Bright on Inconsistency

Liam Kofi Bright has a blog post from November that seems useful to raise today in light of some of the responses to newly publicized allegations regarding sexual harassment against John Searle (story here). Originally posted to register how concerns regarding racism in the US election were addressed, Bright’s post also captures the way responses to sexual harrassment allegations too often transpire, particularly in the philosophy blogosphere.

Informal Omega Inconsistency is when people agree to a general claim but will stubbornly deny or remain absurdly sceptical as to every particular instance of it you produce. So, somebody may well agree that there are bad drivers in Pennsylvania — but every time one points to a particularly erratic person on the road in the state they will say that, no no, this is not a bad driver, this is somebody whose car has suddenly and inexplicably stopped working, or is cursed, or at least they will not believe it is a bad driver till these possibilities have been ruled out, or… whatever. Just for some reason every instance that might witness the existential claim granted turns out not to be granted as an actual instance, no matter what lengths must be gone to deny as much.

Sounds wacky, right? Maybe, but I think it will be easily recognised as a very common by anybody who has ever argued about racism. Of course everybody will agree there are racists, certainly, it’s still a terrible problem and there are lots of liberal pieties I could complete this list with that would gain equally near universal assent in my social circles. But this or that particular instance? Oh no, you have to understand, he’s a very kind soul, you must be misinterpreting what he meant by “All coloureds must die” — maybe he was talking about a novel method of rendering crayons reusable? And, look, he really likes dress up even months after halloween, so that was probably just a ghost costume, and of course he’s a very devout man so he likes to build crosses wherever he goes, but alas he’s a smoker (nobody’s perfect!) so he probably was getting his lighter out then he tripped and fell and it just happened to set the cross ablaze, and….

I parody, but not by as much as you’d like. Lots of people are Informally Omega Inconsistent and it’s super annoying. I think what prevents more general recognition of this fallacy is two things. First, it’s a fallacy that is only recognisable in aggregate. On any one occasion it’s consistent to deny that this witnesses one’s general claim — it only becomes Informal Omega Inconsitency once it’s apparent that this is a matter of policy, that this is how the person always responds to apparent instances of the general claim being made. Second, for reasons that are a bit opaque to me, we tend to think that people `want’ to make the strongest claim they can, so it seems that if somebody wanted to make the general claim they’d be only too happy to grant some instances — but not so, as this experience has taught me.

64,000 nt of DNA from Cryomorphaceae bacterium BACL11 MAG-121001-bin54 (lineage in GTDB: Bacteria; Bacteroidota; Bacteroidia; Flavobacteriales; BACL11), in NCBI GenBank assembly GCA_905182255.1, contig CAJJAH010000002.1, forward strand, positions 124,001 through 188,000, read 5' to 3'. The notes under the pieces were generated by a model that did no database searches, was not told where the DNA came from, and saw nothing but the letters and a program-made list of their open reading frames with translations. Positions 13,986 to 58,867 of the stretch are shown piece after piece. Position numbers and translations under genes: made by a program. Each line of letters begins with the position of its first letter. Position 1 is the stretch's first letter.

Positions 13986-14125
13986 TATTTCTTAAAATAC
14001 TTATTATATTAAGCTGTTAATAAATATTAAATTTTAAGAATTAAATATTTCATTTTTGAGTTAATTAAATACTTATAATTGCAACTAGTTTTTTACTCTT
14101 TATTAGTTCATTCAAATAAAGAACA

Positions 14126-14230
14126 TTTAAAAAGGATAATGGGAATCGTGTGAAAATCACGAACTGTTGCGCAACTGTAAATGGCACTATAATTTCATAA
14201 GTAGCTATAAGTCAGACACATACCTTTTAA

Animal Ethics: Is it okay to eat ants?

Cheryl Abbate authored the most recent Philosophy Phriday entry over at The Daily Ant on the subject. Here’s a preview if you haven’t already seen it:

Even though some animals have different behaviors and different neurological structures from that of humans, we, more likely than not, are the same in a way that matters. The evidence of ant sociality, communication, teaching, and memory, taken together with Barron’s and Klein’s (2016) finding that the insect brain supports a capacity for subjective experience, provides us with compelling reasons to believe that even “mere” ants are conscious and thus deserving of our moral consideration. The behavior of ants is highly complex and arguably intelligent, and it indicates that there is something that happens in ant life other than mechanical stimulus-responses similar to reflexes.

The whole post is here.

 

How Did Clinton Lose: A discussion in two parts

This looks like must-see discussion.  (Can’t wait to watch it!) Participants:

Part 1 (afternoon)

Laurie A. Rudman, Professor of Psychology, Rutgers School of Arts and Sciences
Corinne Moss-Racusin, Assistant Professor of Psychology, Skidmore College
Maya Godbole, The Graduate Center, City University of New York (CUNY)
Noelle Malvar, The Graduate Center, City University of New York (CUNY)
Virginia Valian, Distinguished Professor of Psychology, Hunter College
Charles Tien, Professor of Political Science, Hunter College

Part 2 (evening)

 

Tiffany Dufu, Chief Leadership Officer, Levo
Hon. Kathy Hochul, New York State Lieutenant Governor
Karen Hunter (Moderator), Pulitzer Prize–winning journalist, radio talk-show host and Distinguished Lecturer, Film & Media Department, Hunter College
Sonia Ossorio, President, National Organization of Women in New York
Christine Quinn, President & Chief Executive Officer, Women in Need
Gloria Steinem, Writer, Lecturer, Political Activist, and Feminist Leader